Property Landscaping: Options to Reduce Water Use
Montecito is home to an array of birds, vibrant native plants, and rolling green lawns, all dependent on one resource: water. Recently, the question of water reuse has circulated throughout the community. Should Montecito create systems for non-potable water reuse? Potable reuse? Implementing these systems is prudent but will be costly and take time.
The recently updated Montecito Water District drought ordinance (Ordinance 97), adopted following an extremely dry start to the year and the State’s correlating new regulations, highlights the urgent need for the community to think proactively about water consumption and reduction moving forward. There is a simple way to begin decreasing water dependence and build a more resilient community starting right now.
“Eighty percent of your water bill, oftentimes somewhere between 60 and 80%, normally goes to your landscape,” Beau Schmidt, Co-Founder and President of EcoLawn, said. His company provides services to transition homeowners away from traditional lawns, installing low-water grass alternatives, artificial grass, native plant gardens, hardscapes, pools, and outdoor lighting. Schmidt, a general contractor by trade, started the company at the height of the drought in 2014. Now, he works in the Santa Barbara area, saving customers both water and money, creating thoughtfully curated, livable spaces. “When we go in and retrofit a residence, we can cut their water bill down by oftentimes 50%.”
In Montecito, single-family residences used an average of 255 gallons of water per capita per day from 2016-2020. Only 20% of water, the percentage used indoors, is eligible for reuse. The remaining 80%, which is dispensed to sustain the increasingly thirsty flora of property landscaping, is absorbed by these plants, and cannot be reused. In Montecito, this largely means grass lawns.
“We as people who want to landscape need to adapt,” said Ken Owen, Co-Founder and Executive Director of Channel Islands Restoration (CIR), a nonprofit that works to restore the Channel Islands and adjacent mainland to native plant ecosystems. Owen was on Santa Cruz Island 20 years ago helping remove invasive plants, but today he mostly works on the mainland along the Central Coast. CIR also works with volunteers and uses grants to take kids from low-income school districts to the beach or to the Channel Islands, aiming to get the public involved and educated on habitat restoration. Owen, who is a licensed landscape contractor, is passionate about creating healthier ecosystems in his local Santa Barbara area. “We as people who want to landscape need to adapt to that change, we can’t just go on planting ornamental plants that require large amounts of water and are not really adapted to a Mediterranean climate.”
EcoLawn and similar landscaping companies provide a service that can both adapt yards to declining precipitation and decrease costs in the process. Schmidt offers a grass alternative called Kurapia, a deep-rooted grass that requires far less water than traditional grass and only needs to be mowed once or twice a month. “We save people a lot of money,” he said. “It’s definitely an upfront investment, but it does save money in the long run.”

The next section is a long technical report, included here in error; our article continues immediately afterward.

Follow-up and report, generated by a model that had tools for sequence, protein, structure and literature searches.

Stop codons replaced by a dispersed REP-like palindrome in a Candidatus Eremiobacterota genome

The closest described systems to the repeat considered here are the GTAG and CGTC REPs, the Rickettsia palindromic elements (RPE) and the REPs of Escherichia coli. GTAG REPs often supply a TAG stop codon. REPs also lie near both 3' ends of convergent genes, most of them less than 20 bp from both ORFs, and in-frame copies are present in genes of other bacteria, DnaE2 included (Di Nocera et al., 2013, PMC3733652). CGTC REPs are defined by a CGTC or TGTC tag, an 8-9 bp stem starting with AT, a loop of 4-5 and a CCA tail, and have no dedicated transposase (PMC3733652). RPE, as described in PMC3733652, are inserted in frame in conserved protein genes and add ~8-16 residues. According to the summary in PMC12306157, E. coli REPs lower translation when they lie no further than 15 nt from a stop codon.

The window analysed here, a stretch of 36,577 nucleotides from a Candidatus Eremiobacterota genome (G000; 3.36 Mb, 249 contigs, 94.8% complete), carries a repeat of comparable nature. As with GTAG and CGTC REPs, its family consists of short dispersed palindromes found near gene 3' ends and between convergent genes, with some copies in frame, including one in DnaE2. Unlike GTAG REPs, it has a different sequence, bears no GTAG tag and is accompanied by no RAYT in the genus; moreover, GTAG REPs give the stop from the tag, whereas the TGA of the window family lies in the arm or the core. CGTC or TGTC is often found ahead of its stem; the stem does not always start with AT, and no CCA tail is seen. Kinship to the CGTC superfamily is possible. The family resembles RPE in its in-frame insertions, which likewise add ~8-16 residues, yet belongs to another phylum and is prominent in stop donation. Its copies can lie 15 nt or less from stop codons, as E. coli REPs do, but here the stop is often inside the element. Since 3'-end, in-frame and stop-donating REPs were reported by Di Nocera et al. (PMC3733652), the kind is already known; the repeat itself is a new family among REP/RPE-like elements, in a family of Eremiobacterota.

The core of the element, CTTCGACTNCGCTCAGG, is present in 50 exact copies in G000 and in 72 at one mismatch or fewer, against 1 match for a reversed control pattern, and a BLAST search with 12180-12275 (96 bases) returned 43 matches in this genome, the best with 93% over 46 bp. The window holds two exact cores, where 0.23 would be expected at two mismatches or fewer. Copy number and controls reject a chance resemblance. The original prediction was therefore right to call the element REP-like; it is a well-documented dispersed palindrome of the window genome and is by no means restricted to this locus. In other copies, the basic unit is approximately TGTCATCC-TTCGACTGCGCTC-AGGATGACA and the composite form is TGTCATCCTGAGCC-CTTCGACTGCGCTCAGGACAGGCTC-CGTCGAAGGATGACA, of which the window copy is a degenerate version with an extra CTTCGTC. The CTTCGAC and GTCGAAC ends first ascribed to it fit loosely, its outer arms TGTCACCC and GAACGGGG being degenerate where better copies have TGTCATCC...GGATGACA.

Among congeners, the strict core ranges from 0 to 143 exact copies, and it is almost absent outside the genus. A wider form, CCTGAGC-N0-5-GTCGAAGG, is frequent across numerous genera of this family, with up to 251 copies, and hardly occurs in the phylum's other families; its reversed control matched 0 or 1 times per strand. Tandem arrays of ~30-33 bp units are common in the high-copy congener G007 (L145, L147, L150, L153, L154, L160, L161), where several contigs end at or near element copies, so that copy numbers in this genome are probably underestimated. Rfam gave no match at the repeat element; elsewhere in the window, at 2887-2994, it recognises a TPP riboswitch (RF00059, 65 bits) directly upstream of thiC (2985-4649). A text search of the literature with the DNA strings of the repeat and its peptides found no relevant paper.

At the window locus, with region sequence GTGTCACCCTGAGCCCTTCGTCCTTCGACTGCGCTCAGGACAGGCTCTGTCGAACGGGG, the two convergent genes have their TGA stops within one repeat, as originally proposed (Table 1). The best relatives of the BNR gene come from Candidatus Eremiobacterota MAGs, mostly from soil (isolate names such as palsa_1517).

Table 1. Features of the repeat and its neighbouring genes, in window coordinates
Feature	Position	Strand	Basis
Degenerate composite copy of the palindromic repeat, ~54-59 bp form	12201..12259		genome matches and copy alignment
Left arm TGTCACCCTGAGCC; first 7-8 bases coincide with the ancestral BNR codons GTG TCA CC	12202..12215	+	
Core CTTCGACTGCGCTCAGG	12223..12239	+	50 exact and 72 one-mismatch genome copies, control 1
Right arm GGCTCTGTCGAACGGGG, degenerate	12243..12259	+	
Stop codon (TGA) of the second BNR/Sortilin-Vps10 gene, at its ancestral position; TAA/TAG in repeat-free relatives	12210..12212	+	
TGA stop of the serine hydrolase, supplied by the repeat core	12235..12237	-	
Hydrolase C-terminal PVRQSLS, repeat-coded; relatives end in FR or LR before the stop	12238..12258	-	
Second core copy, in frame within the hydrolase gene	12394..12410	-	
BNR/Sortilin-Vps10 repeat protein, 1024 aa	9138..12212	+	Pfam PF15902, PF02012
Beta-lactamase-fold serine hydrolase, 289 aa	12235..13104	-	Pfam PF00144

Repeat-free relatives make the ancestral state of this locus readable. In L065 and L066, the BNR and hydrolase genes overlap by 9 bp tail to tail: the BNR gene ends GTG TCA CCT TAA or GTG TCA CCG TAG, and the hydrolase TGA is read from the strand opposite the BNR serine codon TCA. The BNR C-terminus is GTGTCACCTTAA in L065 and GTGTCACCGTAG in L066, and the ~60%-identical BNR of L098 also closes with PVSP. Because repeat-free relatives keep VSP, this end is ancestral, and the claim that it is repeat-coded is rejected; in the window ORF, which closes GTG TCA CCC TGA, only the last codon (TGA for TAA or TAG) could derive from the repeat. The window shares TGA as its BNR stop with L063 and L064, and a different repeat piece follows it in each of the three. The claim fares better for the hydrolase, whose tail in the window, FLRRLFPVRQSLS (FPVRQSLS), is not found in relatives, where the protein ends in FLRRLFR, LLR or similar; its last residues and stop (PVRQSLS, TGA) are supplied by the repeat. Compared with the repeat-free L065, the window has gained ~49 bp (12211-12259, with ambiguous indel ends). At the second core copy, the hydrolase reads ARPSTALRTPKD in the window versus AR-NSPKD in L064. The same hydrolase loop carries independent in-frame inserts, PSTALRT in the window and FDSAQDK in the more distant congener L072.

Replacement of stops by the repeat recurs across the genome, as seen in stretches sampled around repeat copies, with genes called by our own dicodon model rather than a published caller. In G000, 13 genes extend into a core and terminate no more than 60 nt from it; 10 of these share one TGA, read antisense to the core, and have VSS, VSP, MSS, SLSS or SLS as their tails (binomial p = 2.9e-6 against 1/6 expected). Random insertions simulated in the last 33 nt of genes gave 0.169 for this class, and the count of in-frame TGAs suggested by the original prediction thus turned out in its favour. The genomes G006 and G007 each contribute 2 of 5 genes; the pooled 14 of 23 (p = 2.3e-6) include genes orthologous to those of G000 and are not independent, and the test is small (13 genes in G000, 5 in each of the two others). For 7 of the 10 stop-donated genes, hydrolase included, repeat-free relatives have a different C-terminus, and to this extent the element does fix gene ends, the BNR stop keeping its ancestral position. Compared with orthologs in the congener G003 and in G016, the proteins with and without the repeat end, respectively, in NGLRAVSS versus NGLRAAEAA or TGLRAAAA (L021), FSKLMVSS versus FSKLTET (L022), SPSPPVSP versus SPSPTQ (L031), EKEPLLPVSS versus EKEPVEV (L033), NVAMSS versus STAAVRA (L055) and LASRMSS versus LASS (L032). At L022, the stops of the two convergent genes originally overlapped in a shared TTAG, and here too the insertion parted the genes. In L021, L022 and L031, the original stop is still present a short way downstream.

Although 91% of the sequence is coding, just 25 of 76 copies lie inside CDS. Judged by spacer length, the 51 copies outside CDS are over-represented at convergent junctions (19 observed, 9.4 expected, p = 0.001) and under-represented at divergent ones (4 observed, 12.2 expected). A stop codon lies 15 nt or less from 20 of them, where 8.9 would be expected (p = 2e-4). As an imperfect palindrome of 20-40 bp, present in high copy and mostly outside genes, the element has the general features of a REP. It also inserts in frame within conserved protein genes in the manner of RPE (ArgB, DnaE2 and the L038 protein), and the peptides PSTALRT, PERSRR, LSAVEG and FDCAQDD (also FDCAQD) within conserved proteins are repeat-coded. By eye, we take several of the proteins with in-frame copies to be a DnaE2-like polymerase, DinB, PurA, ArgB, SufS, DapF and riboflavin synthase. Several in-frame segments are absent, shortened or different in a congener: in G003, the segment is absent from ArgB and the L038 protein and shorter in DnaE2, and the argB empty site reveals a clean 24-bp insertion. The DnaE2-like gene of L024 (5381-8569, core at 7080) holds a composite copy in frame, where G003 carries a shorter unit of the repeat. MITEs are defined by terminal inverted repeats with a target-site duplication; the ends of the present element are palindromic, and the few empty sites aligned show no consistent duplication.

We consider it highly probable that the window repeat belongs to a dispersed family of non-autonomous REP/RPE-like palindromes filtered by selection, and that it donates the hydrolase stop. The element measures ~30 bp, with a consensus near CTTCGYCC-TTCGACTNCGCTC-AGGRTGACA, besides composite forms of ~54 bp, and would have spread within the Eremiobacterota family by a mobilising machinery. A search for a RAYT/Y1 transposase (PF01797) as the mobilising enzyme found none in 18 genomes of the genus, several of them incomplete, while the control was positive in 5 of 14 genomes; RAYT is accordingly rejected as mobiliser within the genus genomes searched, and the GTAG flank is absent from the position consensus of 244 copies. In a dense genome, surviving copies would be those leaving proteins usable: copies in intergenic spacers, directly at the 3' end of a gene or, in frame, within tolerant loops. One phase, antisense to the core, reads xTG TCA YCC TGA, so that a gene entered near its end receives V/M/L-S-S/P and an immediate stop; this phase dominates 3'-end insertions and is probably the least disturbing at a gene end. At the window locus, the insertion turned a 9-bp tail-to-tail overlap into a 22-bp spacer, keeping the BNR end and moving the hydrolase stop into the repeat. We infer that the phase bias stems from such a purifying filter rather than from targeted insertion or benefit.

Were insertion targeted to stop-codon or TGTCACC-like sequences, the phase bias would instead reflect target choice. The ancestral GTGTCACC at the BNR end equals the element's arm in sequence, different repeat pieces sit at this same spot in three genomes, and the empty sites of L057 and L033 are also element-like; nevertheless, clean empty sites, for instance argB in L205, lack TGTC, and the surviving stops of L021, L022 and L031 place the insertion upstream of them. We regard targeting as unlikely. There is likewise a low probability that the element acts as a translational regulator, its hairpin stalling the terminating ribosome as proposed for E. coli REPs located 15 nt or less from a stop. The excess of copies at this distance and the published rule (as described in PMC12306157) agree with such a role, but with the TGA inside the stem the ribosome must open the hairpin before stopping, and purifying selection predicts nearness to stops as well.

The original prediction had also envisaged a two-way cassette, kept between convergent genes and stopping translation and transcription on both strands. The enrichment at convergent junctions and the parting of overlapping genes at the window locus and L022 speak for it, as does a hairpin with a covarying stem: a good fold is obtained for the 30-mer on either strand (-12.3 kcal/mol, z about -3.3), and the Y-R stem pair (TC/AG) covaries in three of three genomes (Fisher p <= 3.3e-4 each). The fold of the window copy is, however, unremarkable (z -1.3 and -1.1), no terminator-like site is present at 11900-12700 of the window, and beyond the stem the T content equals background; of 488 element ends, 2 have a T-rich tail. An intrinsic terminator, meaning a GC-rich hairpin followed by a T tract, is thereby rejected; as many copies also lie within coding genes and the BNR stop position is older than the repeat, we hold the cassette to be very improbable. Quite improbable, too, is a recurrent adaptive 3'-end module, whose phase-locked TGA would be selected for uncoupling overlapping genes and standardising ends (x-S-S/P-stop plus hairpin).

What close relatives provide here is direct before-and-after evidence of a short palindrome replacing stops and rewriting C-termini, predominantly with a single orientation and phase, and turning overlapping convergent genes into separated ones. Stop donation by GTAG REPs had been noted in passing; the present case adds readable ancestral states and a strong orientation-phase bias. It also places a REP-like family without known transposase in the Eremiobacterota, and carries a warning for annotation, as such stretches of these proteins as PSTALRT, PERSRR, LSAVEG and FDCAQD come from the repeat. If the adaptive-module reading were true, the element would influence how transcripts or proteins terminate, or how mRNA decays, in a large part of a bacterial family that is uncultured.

Kurapia and grass alternative Dymondia each have an average ROI (Return on Investment) of seven years. Based on Montecito Water District data and Santa Barbara County water costs, where costs increase rapidly over certain thresholds of water usage, switching from a traditional grass lawn to one of Kurapia or Dymondia would cut the average Montecito water bill down to nearly 1/7 of the cost.
“Normally we’ll do native landscaping in the front of a property. We’ll get rid of the lawn in the front unless they use that lawn,” Schmidt said. “And then we’ll go into the backyard, and maybe they have this huge lawn back there, and we’ll shrink it down to like 50%, so they have a usable space, if they have pets or kids.”
Switching from a traditional grass lawn to a combination of alternative lawn and native plant landscaping can save buckets of money, a ton of water, and can make your yard more fire resistant. Doing so can also provide additional benefits to the larger ecosystem.
“[In] Santa Barbara, Carpinteria, Montecito, people love to attract hummingbirds. They have bird feeders, but one of the best things you can do for local birds is plant local plants,” Owen said. “We’re really good at putting seed or nectar out, but people don’t realize that hummingbirds eat insects and other invertebrates on plants [too]. When you switch to a native garden, you’re also creating a habitat.”
Both the Santa Barbara Botanic Garden and Lotusland house some of the region’s most unique and beautiful plants. To create native gardens in Montecito, Ken recommends California natives Catalina Cherry and Torrey Pine as well as Santa Barbara natives Lemonade Berry, Monkey Flower, California Lilac, and an array of succulents like the highly varied species of Dudleya liveforevers. All these plants support local fauna and require far less water than non-native alternatives. “The only warning I will say is if you live near the wild-urban interface, I urge you to plant only local natives, because the natives from other places like Catalina Cherry, can spread into the native environment,”Owen said.
Whether you’re tired of taking care of your lawn or you just want to cut a chunk out of your water bill, transitioning towards a native, drought-tolerant garden provides an environmentally beneficial solution. Montecito has the ability, here, to become a beacon of water sustainability.
Asher Radziner is a Junior at Brown University, concentrating in Conservation Science and Policy. He works to find environmental solutions and unite people across boundaries.